Songs that feature other artists aren't obliged to credit those guests — but when they do, it can get complicated.
Matt Bardins for NPR
Last week, All Songs Considered host Bob Boilen and I took note of an article from The Guardian examining something within music that's uniquely byzantine: the practice of giving guest artists credits in song titles. You've no doubt seen some variation of it — "Song Title (feat. An Artist)." It's something that should be fairly straightforward, no? Well, no.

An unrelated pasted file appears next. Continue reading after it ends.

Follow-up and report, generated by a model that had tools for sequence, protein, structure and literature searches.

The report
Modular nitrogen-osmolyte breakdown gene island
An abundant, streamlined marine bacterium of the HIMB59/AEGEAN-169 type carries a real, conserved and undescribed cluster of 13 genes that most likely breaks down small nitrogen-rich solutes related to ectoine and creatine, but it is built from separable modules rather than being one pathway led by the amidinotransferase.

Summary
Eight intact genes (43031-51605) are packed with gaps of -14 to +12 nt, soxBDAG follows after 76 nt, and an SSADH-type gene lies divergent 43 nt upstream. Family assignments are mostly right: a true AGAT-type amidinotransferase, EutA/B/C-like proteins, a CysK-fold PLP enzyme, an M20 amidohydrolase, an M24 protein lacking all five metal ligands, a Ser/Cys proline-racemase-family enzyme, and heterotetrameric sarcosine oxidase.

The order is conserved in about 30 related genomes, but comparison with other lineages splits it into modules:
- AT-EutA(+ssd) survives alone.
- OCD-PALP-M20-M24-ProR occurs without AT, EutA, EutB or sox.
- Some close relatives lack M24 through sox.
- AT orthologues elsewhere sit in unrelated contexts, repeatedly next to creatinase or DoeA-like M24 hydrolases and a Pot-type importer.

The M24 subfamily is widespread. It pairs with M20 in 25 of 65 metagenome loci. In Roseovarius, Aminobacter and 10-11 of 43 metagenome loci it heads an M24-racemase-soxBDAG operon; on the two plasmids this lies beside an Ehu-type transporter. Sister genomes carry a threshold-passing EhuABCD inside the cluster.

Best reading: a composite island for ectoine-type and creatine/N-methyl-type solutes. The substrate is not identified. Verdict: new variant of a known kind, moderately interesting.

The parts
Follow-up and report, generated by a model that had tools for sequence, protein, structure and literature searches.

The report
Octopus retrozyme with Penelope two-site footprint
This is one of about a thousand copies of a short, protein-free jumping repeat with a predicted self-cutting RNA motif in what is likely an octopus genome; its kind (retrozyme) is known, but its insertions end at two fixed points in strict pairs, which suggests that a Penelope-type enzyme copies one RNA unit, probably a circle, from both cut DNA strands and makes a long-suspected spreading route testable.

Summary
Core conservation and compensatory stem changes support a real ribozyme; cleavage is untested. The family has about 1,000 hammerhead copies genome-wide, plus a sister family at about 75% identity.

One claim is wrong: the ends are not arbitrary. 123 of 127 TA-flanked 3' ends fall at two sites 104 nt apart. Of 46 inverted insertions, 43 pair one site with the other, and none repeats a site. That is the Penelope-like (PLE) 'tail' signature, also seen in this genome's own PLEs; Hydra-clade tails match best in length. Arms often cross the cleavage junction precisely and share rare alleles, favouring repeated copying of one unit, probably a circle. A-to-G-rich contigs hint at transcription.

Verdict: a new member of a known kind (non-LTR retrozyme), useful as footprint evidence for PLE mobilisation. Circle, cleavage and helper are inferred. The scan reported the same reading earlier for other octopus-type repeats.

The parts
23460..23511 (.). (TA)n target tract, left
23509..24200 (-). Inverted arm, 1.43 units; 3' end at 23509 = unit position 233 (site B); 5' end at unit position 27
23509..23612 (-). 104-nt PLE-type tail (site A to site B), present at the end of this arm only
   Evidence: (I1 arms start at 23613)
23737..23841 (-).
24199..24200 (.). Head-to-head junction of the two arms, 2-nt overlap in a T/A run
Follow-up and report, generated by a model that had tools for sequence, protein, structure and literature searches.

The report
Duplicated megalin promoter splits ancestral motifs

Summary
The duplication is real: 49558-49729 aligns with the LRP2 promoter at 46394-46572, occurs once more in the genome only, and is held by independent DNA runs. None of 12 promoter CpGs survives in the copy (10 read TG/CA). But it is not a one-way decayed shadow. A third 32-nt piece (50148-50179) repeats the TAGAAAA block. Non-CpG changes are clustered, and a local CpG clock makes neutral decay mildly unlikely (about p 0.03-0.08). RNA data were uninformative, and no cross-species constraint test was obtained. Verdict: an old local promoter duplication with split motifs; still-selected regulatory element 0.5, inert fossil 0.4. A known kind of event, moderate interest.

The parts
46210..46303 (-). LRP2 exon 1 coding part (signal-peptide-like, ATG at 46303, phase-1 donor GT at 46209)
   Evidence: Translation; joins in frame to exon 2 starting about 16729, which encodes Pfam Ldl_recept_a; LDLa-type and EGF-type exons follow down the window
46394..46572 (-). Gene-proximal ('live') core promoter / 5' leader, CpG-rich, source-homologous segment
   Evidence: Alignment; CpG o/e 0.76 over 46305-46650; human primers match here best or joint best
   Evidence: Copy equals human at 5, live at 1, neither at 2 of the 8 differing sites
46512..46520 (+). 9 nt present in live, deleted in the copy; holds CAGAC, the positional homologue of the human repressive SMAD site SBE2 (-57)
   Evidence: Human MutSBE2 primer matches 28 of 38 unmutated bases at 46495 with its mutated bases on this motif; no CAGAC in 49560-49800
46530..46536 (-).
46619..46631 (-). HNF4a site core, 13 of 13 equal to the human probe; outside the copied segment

"Scan the charts and release schedules and you'll see numerous variations on the theme," wrote Guardian reporter Peter Robinson, "from 'and' and 'with' to 'x', '+' and 'presents'. But they don't all mean the same thing, and there can be fierce behind-the-scenes struggles over how artists are billed, how far up the credit chain they're allowed, or whether they're even credited at all."
Well of course this, as with much of the music business, is relatively insane. To understand it better, Bob and I spoke to Peter from his office in London to unpack this funny little corner of music and its business. — Andrew Flanagan